Barclays has been fined a record £38m by the City regulator for failing to keep its clients' assets separate from its own.
The fine comes three years after Barclays paid out £1.1m for a similar issue.
The Financial Conduct Authority (FCA) said the bank's investment arm had put £16.5bn of clients' assets "at risk" between November 2007 and January 2012.
Barclays said it did not profit from the issue and no customers lost out.
The fine relates to activities in Barclays' investment bank, and has no impact on its retail customers.
"Clients risked incurring extra costs, lengthy delays or losing their assets if Barclays had become insolvent," the FCA said.
And FCA director of markets David Lawton said safeguarding client assets was "key" to maintaining market confidence.
"Barclays lack of focus on the rules was unacceptable," he added.
Barclays, which reported the issue to the FCA itself, said it accepted the FCA's finding.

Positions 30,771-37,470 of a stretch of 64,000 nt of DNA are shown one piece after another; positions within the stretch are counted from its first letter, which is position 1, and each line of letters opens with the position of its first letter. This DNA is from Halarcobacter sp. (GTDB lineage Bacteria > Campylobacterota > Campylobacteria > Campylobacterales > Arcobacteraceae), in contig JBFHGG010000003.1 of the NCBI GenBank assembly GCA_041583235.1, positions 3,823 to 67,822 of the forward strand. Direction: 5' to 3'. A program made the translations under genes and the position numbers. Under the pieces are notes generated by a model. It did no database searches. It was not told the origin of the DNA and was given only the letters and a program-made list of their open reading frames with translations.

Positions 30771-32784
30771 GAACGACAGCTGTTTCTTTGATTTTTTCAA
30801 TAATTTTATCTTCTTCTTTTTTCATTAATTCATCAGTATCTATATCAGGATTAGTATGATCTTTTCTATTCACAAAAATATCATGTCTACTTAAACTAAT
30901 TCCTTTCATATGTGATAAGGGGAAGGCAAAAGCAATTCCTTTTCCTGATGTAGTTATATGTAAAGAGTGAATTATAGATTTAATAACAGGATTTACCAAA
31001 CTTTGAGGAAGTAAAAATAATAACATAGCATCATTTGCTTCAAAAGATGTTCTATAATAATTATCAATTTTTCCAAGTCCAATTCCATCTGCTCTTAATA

"Barclays has subsequently enhanced its systems to resolve these issues and to ensure we have the requisite processes in place. No client has suffered any loss as a consequence of this weakness in our processes which existed prior to January 2012," a spokesperson added.
It is the biggest fine ever issued for this particular offence.
However, the FCA said Barclays received a 30% discount on the fine because it agreed to settle it at an an early stage.
Since the 2008 collapse of Lehman Brothers, when many of its clients were unable to access their funds, the FCA has insisted that customers' money is kept separate from the bank's own assets.
"All firms should be clear after Lehman that there is no excuse for failing to safeguard client assets," the FCA director of enforcement and financial crime Tracey McDermott said.
The FSA, the FCA's predecessor, fined JP Morgan £33.3m over the issue in 2010, the then biggest penalty.
In 2011, Barclays was fined £1.12m by the FSA for failing to ring-fence client money in one of its accounts for more than eight years.
The penalty comes as Barclays tries to defend itself against fraud charges in the US in relation to the sale of mortgage bonds and follows a £26m fine in May for fixing the gold price.